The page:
Miscarriage is an extremely sad and difficult experience to deal with. To add to the difficulty is the pressing problem of explaining to friends and family that a new baby will not be coming any time soon. If you have a pregnancy loss, you are entitled to whatever feelings you have, whether they are mild or intense, mixed or very clear. Some women feel like they're in shock, or depressed and guilty. They may feel that way for many weeks or months. If you are told that you're "overreacting" or "exaggerating your feelings," know that this is not true.
On the other hand, some women feel sad for a few days at the most and that's all. Don't feel bad if you don't feel bad, and you don't have to believe those who say you are "repressing" or "denying your feelings." Your feelings will vary depending on many factors. Another factor in pregnancy grief is how far advanced the pregnancy was. Were you six weeks pregnant, or did you go through labor and give birth to a perfectly formed baby who tragically died? Often, but not always, the intensity of feeling increases the bigger the baby is.
Be aware that your body "grieves," too. It suddenly has to adjust hormonal levels and make other bodily changes. The further along you are, the more adjustments your body has to make. This "body grief" affects a woman who has an abortion, too. Breasts leak and other body changes occur.
About half of the miscarriages that occur are caused by genetic abnormalities, which may be hereditary or spontaneous, in the father's sperm or the mother's egg. The other half are caused by a variety of known and unknown factors, including infection (mumps, for instance, in the first trimester increases the risk for miscarriage) and exposure to environmental and workplace hazards. Pesticides, the effects of Agent Orange (dioxin) experienced by some Vietnam Veterans, tap water near industrial sites, and using a video display terminal more than 20 hours a week.
Other factors behind miscarriage are hormonal irregularities; uterine abnormalities; radiation; and drugs, whether over-the-counter, or prescription.
Severe malnutrition can cause a miscarriage, as can an elevated blood sugar level in women with diabetes. If dietary problems are the culprit, then an improved diet sometimes helps prevent miscarriage. Induced ovulation with fertility drugs sometimes result in miscarriages, as does in vitro fertilisation. Two prenatal tests, amniocentesis and chorionic villi, are also associated with a slight risk of miscarriages.
To prevent miscarriage, some women are treated with progesterone, a hormone which is needed for implantation in the uterus. Research is mixed on the effectiveness of this, and researchers believe it should only be done if tests show that the body produces too little of that hormone in the early weeks of pregnancy.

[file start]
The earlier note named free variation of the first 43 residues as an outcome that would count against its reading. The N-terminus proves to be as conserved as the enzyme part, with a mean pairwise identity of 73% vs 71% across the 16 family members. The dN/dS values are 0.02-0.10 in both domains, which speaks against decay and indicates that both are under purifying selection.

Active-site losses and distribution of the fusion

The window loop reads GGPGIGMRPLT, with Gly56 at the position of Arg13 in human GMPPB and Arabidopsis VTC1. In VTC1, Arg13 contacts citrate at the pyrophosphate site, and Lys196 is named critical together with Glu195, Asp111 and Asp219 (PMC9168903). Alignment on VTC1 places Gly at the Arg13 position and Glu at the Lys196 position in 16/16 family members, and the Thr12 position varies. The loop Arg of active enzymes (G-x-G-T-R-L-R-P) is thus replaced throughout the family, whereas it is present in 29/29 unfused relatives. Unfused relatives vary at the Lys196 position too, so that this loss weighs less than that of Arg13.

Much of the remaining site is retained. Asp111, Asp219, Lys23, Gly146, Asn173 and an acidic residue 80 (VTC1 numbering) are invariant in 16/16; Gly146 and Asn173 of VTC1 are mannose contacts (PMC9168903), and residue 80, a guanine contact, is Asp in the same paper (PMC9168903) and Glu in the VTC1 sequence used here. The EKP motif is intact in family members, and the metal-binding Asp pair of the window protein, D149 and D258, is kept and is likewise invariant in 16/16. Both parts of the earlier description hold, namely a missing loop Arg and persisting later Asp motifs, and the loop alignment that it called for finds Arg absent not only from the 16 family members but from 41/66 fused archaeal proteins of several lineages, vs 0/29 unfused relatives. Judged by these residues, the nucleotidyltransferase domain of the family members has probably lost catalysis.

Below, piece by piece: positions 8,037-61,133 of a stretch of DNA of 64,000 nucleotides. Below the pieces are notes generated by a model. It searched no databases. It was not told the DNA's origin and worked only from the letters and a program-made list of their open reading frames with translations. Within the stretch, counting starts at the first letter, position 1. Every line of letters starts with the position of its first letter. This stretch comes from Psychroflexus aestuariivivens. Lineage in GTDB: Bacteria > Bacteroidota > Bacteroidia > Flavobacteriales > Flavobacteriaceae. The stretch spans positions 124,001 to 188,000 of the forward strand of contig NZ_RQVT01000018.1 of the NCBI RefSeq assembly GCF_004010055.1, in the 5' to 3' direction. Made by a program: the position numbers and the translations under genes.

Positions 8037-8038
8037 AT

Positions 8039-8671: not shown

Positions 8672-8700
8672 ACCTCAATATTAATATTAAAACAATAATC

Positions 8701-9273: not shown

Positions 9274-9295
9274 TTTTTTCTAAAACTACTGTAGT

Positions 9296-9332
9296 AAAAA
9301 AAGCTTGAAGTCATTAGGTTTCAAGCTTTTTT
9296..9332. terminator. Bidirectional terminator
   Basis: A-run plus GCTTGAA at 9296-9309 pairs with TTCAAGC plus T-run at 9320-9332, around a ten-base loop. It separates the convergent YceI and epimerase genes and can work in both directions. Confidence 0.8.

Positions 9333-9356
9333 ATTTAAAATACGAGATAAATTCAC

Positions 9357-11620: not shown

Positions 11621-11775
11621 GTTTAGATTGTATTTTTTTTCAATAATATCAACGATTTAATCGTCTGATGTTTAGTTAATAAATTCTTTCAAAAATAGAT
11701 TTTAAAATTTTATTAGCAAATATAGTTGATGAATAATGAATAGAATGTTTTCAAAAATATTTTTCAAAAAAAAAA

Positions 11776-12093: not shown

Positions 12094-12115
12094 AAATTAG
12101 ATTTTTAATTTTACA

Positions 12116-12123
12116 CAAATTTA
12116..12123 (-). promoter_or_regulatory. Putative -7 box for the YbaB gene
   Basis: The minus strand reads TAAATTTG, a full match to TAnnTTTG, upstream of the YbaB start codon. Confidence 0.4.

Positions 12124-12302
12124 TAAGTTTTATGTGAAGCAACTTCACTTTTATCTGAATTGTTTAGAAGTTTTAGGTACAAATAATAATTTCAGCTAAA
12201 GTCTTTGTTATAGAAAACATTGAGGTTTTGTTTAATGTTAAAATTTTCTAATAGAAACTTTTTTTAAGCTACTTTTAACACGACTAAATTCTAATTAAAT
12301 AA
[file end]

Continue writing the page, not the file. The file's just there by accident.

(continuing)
Start taking folic acid tablets three months before becoming pregnant
Adopt a sensible healthy diet
If you smoke, stop, and drink alcohol in moderation
Avoid taking drugs - whenever possible
If you suffer from diabetes, thyroid disease, epilepsy or high blood pressure, consult your doctor who may suggest that you alter the type or dose of the drugs you're taking. Try to make sure that these medical problems are controlled before conception.Keep a record of your menstrual periods so that you do not expose a tiny embryo to X-rays or a drug which may have potential side effects
Avoid or minimise contact with farm animals and pets
Avoid travel to malarial zones and countries where the risks of food poisoning or gastroenteritis are high
Ensure that meat is well cooked, vegetables are carefully washed and avoid unpasteurised milk products and pâtés
Ensure that you are immune to german measles infection - and if you are not immune, get vaccinated without delay
Sensible steps taken from Miscarriage - What every woman needs to know, Professor Lesley Regan, 2001, Orion Books, London
A miscarriage occurs if you lose your baby before it is capable of sustaining life - normally considered to be before about 24 weeks. Most miscarriages happen in the first 10 weeks of pregnancy; in fact at least 30% of all conceptions end this way.
Not all miscarriages happen in the same way- there are several terms to define what takes place: "threatened", "missed," and "inevitable." In the first trimester, if there is bleeding but no pain, and the foetus stays alive and healthy so that the pregnancy continues to term, this is called a threatened miscarriage. You may have what is called a missed miscarrige if the foetus dies, but stays in the womb and is either expelled later or is removed by an operation. An inevitable miscarriage is the term used when there is bleeding and pain, the cervix opens and the foetus is expelled from the womb. If the miscarriage leaves small fragments of the placenta or blood clots in your womb, this is known as incomplete miscarriage.
Vaginal bleeding with period-like cramps can be a sign that you are about to have a miscarriage. Bleeding at any stage of pregnancy, with or without pain, should always be taken seriously; seek medical advice immediately.
Yes, you will probably have an ultrasound scan to see what has happened. You will not need treatment if the scan shows that your womb is clear. If the womb is not entirely empty, known as an incomplete miscarriage, you may need a procedure called an ERPC to clear your womb. If your womb is not treated in this way, an infection could develop which may affect your chances of future pregnancy. You will have a general anaesthetic and a short stay in hospital for this procedure.